A bigleaf maple in decline in Washington’s Central Cascades region
Jacob Betzen/University of Washington
A bigleaf maple in decline in Washington’s Central Cascades region.

As its name suggests, the bigleaf maple tree’s massive leaves are perhaps its most distinctive quality. A native to the Pacific Northwest’s wet westside forests, these towering trees can grow leaves up to 1.5 feet across — the largest of any maple.

But since 2011, scientists, concerned hikers and residents have observed more stressed and dying bigleaf maples across urban and suburban neighborhoods as well as in forested areas. Often the leaves are the first to shrivel and die, eventually leaving some trees completely bare. While forest pathologists have ruled out several specific diseases, the overall cause of the tree’s decline has stumped experts for years.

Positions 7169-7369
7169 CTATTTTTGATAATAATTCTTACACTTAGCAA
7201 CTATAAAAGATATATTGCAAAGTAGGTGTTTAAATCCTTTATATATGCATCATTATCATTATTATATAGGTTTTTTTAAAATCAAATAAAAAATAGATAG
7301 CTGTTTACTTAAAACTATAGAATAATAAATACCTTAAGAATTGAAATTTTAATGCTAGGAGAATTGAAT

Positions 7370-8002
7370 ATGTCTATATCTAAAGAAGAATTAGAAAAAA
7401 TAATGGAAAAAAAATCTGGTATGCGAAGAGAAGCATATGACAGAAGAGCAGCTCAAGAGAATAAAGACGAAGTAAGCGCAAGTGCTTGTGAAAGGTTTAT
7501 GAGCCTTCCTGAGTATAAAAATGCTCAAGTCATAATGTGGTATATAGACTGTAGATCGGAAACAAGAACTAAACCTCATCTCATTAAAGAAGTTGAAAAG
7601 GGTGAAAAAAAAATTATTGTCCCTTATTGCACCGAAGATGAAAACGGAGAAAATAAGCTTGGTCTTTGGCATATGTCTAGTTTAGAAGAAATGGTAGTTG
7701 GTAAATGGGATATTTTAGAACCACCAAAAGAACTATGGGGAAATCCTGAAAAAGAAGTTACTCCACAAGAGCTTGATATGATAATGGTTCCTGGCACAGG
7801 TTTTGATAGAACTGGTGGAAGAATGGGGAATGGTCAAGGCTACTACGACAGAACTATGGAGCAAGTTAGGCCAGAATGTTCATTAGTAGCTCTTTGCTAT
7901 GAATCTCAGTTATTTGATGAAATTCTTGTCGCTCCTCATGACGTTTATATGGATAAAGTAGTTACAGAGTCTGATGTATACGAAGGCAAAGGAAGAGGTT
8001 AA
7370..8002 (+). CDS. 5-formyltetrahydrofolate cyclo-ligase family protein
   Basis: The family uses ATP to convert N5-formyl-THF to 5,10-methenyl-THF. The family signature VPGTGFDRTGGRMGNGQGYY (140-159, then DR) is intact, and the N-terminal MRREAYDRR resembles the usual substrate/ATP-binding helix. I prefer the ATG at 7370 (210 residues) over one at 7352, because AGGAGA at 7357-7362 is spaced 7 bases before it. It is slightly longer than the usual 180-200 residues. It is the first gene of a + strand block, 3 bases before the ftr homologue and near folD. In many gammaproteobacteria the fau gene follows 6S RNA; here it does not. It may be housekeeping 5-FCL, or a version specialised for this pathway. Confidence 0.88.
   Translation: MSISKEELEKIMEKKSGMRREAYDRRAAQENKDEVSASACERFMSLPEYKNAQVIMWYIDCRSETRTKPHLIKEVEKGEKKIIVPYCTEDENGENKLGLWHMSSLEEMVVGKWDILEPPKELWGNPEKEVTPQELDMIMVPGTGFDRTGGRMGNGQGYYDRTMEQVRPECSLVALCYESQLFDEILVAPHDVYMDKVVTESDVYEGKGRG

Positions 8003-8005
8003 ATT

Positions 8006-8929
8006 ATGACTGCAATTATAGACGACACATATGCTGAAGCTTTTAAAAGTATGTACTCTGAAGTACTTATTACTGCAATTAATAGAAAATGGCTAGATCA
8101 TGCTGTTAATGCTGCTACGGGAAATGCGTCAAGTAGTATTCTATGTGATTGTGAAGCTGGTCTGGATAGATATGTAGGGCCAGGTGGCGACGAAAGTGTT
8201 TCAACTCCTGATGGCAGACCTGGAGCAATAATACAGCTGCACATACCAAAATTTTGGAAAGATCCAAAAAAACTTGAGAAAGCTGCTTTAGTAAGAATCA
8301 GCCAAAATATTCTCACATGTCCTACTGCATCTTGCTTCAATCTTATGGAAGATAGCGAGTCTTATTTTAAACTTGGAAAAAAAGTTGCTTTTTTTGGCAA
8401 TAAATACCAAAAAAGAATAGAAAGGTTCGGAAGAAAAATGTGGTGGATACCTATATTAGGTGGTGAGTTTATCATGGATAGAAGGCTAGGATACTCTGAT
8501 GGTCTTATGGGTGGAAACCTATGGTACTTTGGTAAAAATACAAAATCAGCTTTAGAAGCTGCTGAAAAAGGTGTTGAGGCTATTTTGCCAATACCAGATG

new study led by the University of Washington, in collaboration with Washington Department of Natural Resources, has found that bigleaf maple die-off in Washington is linked to hotter, drier summers that predispose this species to decline. These conditions essentially weaken the tree’s immune system, making it easier to succumb to other stressors and diseases. The findings were published Sept. 16 in the journal Forest Ecology and Management.

“These trees can tolerate a lot, but once you start throwing in other factors, particularly severe summer drought as in recent years, it stresses the trees and can lead to their death,” said co-author Patrick Tobin, associate professor in the UW School of Environmental and Forest Sciences.

Read more at UW News »